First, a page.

Digitalvitalism.com and John Pat McNamara
Michael J. Maguire (DIME)

The 72-year-old Irish Digital Poet John Pat McNamara is a real flesh and blood person, as evidenced by his video appearances, works of poetry, audio and video interviews and his presence across social media. His life (perhaps à la Kittler) and works have been heavily influenced, if not shaped, by technology. His creative evolution and emergence as a Digital Poet is presented and traced across the website digitalvitalism.com, and viewers or users can read and play his work there, alongside the opportunity to view his interview responses that chart and detail his creative life. From his childhood on Achill Sound on the west coast of Mayo, to scribbling poems in the back of a van while en route to working as a labourer on the motorways in England in the 1960s, forward through his use of early electronic recording equipment, his experiments in video or film poems, to his contemporary use of the computer as his tool for personal creative expression of his personal applied poetics, John Pat’s poetic soul is laid bare for others to view and perhaps recognise.

Digitalvitalism.com provides a frame narrative for the exploration of some of the potential meaning(s) and expression(s) of Irish “born digital” Digital poetry in the 21st century. The proposed paper is a short exploration of that manufactured identity, since John Pat McNamara in the guise of Digital Poet is actually an entirely fictional construct. The concept of digital vitalism is proposed as one (of many) ways to conceptualise or characterise creatively the essentially cybernetic processes that may be occurring during the making of such work. This paper further proposes to introduce and contextualise the concept of Digital Vitalism with reference to the theoretical work of Katharine N. Hayles, Roberto Simanowski, Byron Hawkes and Talan Memmot. The paper will be in a form of a presentation (with accompanying script text available for download) that will seek to theoretically locate the work in a broader history of interpretation.

As a poet John Pat emanates from a cultural tradition that privileges the pastoral and spiritual above technical or the purely empirical poetic purview, thus this paper is also an attempt to explore the tensions and the challenges associated with finding a mode of expression that respects these two seemingly disparate areas of endeavour.
Electronic Literature: A Publisher's Perspective
James O'Sullivan (Pennsylvania State University)

This paper will explore the need for an increased number of publishers willing to support the publication and long-term maintenance of electronic literature. The effects of most e-lit authors having, or indeed choosing, to self-publish their work will be addressed, as well as the ramifications of encouraging a move away from this predominant practice. Restrictions presented to publishers, particularly in relation to issues of sustainability, will be discussed, with a number of potentially viable models for e-lit publishing detailed and problematised.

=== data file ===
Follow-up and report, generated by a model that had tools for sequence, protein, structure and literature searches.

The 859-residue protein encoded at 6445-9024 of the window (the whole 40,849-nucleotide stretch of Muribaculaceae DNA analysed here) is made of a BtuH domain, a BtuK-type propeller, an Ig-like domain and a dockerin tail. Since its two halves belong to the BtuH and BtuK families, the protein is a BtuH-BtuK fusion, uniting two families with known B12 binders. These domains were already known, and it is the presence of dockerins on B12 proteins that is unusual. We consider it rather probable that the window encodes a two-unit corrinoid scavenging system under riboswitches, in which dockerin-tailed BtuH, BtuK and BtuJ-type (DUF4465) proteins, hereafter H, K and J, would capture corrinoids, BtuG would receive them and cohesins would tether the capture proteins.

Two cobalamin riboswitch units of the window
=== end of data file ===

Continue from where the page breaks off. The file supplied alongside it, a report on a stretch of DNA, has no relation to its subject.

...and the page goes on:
These discussions will be framed within an Irish context, using New Binary Press as an example. Founded in 2012, New Binary Press publishes literature across a variety of media, including born-digital electronic literature. Included among its authors are leading figures such as Nick Montfort and Stephanie Strickland. The press published Montfort’s generative piece, Round, in 2013, alongside Duels — Duets, a collaboration between Montfort and Strickland. The first work to be published by New Binary Press was Holes, a collaboration between Graham Allen and James O’Sullivan. Holes is a digital poem which presents a new approach to autobiographical writing. It began on December 23rd, 2006, and is a ten syllable one-line-per-day poem that offers something less and something more than a window on the author’s life. Currently, lines are written daily, but added to the site on a weekly basis.

New Binary Press was established to provide a platform upon which e-lit authors could disseminate their work, without having to worry about long-term sustainability. Unlike some of the field’s major anthologies and collections, New Binary Press hosts all published works on its own servers. However, this has led to a number of technical challenges, as well as financial constraints, the realities of which will be addressed in this presentation. The justifications for having more publishers take this approach are clear: the role of the editor and reviewer comes back into play, ensuring a measure of quality is imposed upon the field, and authors need not worry, to an extent, about promoting and maintaining their work. However, the pragmatics of publishing, the need for literatures to live beyond their imprints, and for such imprints to remain viable options, cannot be ignored.

New Binary Press is an experiment in the production and publication of electronic literature. This paper will situate relevant publishing practices within the wider context of the e-lit movement, using such as a means through which some of the field’s key issues surrounding the establishment, dissemination, and longevity of the canon can be explored. It will present a publisher’s perspective on electronic literature.

(Source: ELO 2015 Conference Catalog)

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Hannah Ackermans